A new study has found that graphic images printed on cigarette packs are actually an effective way to prompt smokers to quit. The findings suggest that smokers who were exposed to graphic images over the course of four weeks had higher negative perceptions of smoking compared to those who only saw written text warning labels. Graphic images were linked to believing smoking was much more harmful.
Co-author Dr. Ellen Peters said, “The graphic images motivated smokers to think more deeply about their habit and the risks associated with smoking.” Lead author, Abigail Evans, Ph.D., added, “Our study provides real-world evidence of how viewing these graphic images over time has an impact on smokers beyond what occurs with simple text warnings.”
The use of graphic labels for cigarette packs was mandated back in 2009, but then was appealed in court and the court ruled the labels were, “unabashed attempts to evoke emotion … and browbeat consumers into quitting.”
The findings suggest that the court was incorrect in how these labels promote smoking cessation. Dr. Peters added, “Smokers weren’t browbeaten by the images. The images definitely did stir their emotions, but those emotions led them to think more carefully about the risks of smoking and how those risks affected them. What the court is missing is that without emotions, we can’t make decisions. We require having feelings about information we collect in order to feel motivated to act. These graphic warnings helped people to think more carefully about the risks and to consider them more.”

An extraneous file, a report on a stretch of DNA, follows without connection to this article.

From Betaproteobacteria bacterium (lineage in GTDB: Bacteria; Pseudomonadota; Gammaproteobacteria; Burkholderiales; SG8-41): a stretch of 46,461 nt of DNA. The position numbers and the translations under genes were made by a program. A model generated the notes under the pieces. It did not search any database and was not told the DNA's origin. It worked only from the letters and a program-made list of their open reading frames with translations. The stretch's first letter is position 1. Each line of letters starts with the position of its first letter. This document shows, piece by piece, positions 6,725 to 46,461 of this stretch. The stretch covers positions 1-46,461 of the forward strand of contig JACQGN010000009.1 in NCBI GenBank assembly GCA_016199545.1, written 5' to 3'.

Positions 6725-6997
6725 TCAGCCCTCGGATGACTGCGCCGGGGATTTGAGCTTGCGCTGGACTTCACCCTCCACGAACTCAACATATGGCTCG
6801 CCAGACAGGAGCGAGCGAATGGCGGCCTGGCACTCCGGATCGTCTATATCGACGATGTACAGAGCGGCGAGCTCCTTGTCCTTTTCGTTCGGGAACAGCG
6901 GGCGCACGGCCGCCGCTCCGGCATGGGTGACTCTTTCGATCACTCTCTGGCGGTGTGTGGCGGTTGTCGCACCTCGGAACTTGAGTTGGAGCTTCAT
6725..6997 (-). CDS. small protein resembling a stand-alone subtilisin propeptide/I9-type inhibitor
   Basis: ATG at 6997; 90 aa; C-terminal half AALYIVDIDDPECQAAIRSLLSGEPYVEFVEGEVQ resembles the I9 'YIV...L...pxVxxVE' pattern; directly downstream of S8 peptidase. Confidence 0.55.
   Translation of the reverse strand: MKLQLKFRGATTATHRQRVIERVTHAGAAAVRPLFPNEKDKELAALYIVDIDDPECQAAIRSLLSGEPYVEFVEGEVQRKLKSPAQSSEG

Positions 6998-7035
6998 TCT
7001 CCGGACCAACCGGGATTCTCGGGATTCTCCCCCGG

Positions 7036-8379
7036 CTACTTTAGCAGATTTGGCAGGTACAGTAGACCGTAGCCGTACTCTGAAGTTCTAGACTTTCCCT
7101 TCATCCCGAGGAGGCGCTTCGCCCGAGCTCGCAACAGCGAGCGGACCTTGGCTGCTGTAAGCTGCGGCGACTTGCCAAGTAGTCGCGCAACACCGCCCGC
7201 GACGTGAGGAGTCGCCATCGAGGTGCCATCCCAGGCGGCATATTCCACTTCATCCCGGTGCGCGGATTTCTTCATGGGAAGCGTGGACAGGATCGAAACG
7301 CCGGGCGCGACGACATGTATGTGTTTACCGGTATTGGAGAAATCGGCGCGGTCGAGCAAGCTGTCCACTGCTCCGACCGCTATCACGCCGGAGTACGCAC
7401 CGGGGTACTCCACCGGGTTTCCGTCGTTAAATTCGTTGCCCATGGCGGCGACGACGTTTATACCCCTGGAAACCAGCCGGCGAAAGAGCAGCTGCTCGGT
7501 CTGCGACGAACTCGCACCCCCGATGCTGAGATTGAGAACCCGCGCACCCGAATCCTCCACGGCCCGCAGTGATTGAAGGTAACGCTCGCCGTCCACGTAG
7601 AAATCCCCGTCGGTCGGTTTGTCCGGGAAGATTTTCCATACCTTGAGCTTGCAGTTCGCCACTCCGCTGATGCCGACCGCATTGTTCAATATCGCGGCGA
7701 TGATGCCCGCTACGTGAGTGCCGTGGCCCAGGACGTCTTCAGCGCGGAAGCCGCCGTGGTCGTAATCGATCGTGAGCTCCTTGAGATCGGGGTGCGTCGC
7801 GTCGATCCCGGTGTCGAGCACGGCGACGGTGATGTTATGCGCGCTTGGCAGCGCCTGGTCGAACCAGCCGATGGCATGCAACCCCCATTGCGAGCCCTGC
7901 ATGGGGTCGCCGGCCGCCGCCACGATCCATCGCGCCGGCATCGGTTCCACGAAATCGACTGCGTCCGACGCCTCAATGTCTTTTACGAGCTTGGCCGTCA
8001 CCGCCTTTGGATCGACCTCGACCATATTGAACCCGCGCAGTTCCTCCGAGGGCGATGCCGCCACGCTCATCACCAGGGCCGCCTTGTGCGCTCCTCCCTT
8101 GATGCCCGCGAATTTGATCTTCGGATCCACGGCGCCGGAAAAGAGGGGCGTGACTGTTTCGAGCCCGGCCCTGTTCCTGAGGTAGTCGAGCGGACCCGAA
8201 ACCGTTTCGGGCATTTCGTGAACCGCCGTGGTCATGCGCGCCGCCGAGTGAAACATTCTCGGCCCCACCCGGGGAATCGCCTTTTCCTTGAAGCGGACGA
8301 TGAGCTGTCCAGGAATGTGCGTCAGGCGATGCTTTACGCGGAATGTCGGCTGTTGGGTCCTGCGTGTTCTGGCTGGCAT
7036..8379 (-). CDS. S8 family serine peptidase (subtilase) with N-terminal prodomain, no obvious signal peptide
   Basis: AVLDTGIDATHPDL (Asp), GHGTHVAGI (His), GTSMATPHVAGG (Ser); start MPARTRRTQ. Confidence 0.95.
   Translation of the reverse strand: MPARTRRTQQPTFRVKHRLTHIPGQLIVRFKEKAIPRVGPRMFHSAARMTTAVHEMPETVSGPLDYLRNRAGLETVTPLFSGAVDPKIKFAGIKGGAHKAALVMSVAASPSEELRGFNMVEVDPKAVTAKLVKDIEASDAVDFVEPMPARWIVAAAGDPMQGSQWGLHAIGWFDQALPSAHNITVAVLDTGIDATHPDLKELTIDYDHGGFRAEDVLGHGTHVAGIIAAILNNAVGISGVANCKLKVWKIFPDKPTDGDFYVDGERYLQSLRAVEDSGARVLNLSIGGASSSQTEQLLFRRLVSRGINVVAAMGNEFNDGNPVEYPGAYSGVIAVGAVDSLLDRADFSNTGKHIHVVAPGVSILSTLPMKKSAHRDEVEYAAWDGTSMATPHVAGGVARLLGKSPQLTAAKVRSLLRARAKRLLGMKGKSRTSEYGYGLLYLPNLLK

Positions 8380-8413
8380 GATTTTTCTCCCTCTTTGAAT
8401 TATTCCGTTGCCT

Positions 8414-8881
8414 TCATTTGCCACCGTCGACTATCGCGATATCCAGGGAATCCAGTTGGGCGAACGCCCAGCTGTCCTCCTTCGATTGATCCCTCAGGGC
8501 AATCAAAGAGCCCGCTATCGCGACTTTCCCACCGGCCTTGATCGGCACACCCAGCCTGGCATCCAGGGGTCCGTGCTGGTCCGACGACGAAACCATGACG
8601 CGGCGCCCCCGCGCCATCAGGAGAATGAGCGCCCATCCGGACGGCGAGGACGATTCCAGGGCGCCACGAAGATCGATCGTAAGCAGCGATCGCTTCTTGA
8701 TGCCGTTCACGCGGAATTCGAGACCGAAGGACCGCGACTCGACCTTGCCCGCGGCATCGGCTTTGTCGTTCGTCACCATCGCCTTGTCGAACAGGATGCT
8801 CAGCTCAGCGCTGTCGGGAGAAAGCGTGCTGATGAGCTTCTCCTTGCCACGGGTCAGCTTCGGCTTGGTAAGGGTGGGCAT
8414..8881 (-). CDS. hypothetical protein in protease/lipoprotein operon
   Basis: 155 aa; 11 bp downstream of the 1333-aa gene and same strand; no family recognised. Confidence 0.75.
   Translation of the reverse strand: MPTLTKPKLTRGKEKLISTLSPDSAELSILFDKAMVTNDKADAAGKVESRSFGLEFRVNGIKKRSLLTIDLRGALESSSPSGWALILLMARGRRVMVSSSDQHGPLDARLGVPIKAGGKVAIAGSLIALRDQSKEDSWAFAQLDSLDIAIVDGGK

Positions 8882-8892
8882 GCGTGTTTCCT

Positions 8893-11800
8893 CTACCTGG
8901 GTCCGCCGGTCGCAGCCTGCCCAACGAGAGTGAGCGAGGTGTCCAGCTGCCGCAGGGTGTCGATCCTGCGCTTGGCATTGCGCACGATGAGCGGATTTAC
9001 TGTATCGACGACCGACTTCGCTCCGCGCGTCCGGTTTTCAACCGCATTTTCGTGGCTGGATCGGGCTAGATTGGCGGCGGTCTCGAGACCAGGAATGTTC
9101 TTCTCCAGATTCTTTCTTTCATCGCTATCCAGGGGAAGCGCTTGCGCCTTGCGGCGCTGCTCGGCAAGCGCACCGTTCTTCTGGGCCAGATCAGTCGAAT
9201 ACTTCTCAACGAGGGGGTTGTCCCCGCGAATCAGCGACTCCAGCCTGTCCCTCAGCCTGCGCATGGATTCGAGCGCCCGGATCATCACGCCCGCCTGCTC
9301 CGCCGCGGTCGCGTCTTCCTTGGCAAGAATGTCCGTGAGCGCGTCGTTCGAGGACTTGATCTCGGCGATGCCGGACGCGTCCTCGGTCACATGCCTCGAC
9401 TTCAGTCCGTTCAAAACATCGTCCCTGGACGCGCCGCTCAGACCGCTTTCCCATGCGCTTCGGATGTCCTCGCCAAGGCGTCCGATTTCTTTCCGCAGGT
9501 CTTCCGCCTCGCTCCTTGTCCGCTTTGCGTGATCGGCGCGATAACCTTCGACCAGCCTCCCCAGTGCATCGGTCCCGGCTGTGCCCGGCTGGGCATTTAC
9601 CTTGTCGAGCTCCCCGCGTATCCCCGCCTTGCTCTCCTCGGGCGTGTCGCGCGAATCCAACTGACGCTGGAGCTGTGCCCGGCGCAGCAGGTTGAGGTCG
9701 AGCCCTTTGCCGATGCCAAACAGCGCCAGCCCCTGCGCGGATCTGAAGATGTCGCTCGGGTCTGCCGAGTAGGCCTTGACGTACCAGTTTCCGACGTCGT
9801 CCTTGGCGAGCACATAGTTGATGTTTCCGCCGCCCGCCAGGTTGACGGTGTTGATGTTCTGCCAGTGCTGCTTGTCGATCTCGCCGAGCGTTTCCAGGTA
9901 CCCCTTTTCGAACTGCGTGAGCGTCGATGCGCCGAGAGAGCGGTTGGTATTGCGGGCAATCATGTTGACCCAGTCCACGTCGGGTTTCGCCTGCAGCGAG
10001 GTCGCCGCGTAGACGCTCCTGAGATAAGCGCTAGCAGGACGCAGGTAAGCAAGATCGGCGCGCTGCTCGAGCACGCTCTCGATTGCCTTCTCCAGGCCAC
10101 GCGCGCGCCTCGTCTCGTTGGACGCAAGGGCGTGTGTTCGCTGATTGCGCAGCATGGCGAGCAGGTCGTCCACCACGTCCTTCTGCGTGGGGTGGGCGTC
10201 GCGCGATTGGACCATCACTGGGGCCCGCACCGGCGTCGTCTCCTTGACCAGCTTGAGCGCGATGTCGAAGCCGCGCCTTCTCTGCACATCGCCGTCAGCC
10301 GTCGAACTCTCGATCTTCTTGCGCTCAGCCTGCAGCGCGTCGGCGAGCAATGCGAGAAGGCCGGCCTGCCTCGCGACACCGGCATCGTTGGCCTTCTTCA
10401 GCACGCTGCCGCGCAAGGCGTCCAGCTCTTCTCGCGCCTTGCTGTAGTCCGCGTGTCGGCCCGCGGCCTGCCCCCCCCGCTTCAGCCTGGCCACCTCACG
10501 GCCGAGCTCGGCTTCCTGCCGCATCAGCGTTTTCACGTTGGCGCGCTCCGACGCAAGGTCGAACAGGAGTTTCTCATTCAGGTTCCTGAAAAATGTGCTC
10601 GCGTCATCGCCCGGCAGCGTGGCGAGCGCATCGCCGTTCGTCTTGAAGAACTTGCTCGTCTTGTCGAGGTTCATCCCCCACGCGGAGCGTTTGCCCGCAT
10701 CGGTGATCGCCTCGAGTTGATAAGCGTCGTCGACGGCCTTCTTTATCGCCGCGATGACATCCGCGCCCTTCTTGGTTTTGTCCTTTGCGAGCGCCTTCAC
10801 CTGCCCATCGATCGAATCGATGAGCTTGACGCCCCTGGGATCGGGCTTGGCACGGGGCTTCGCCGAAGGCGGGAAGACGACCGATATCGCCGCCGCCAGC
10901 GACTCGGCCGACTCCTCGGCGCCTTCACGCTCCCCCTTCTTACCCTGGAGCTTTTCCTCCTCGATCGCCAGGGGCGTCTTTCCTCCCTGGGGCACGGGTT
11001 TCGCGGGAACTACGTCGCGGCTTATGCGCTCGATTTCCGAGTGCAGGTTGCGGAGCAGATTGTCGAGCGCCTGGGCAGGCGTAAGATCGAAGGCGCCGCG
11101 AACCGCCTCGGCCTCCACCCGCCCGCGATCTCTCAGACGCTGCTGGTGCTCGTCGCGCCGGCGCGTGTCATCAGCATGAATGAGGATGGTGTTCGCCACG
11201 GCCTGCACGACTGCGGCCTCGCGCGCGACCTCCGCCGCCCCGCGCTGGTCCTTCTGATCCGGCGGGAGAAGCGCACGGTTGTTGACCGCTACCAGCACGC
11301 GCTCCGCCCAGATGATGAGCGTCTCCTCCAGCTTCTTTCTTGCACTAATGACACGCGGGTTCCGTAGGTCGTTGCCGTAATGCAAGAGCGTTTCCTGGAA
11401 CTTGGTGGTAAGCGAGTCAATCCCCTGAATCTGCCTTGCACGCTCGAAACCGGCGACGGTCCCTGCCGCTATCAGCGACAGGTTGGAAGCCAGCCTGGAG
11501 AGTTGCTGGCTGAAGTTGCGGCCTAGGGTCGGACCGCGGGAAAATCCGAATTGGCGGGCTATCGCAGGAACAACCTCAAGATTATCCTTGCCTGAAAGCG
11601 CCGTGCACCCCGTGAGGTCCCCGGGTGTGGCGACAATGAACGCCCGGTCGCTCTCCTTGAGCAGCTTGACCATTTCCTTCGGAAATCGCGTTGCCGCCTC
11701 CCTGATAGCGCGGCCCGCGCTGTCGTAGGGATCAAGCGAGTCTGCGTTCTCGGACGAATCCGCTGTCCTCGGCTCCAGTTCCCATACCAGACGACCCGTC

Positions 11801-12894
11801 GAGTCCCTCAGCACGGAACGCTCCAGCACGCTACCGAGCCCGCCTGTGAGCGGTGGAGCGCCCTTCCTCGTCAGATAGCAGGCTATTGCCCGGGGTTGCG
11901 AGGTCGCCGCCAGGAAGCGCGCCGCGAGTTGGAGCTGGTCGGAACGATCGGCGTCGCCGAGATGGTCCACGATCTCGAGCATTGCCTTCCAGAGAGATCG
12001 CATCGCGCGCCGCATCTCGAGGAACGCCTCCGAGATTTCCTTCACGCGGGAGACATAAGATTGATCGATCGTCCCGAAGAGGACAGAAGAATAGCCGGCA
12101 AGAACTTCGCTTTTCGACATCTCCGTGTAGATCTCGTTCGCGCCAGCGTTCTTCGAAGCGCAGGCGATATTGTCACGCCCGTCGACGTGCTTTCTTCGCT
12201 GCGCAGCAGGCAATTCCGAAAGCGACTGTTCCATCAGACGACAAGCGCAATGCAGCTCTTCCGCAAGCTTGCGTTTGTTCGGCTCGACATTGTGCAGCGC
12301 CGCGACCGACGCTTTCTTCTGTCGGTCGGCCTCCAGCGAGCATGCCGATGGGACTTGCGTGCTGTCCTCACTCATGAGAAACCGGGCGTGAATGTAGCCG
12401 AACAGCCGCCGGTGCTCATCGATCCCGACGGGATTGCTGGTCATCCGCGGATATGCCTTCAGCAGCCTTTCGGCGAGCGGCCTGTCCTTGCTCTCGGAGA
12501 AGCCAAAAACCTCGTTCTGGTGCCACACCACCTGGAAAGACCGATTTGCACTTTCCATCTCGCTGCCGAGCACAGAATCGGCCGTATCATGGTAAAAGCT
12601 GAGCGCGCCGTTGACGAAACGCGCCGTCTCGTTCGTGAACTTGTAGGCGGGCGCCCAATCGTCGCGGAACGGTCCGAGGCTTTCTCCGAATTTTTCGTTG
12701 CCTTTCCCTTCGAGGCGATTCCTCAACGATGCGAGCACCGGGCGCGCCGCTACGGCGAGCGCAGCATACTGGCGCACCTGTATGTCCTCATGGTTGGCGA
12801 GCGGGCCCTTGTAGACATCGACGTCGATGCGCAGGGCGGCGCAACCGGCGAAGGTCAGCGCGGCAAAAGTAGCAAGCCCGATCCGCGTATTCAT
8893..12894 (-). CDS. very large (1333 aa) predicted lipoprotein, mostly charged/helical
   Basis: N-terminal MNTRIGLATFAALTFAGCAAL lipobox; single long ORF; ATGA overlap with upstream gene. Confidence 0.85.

The study involved 244 adults who smoked between five to 40 cigarettes a day.
Participants smoked their preferred brand for four weeks with either graphic images on them, text warnings or a combination of both. After the four weeks, participants answered surveys about their experience with the cigarette packs.
Results found that those who smoked packs of cigarettes with written and visual warnings were more likely to feel worse about smoking compared to those who only received text warnings.
Dr. Peters explained, “The feelings produced by the graphic images acted as a spotlight. Smokers looked more carefully at the packages and, as a result, the health risks fell into the spotlight and led to more consideration of those risks. For a health issue like smoking, which causes about a half-million deaths a year in the United States, even small effects can have a large impact in the population. Policies requiring such labels have the potential to reduce the number of Americans who smoke.”
The findings were published in PLOS ONE.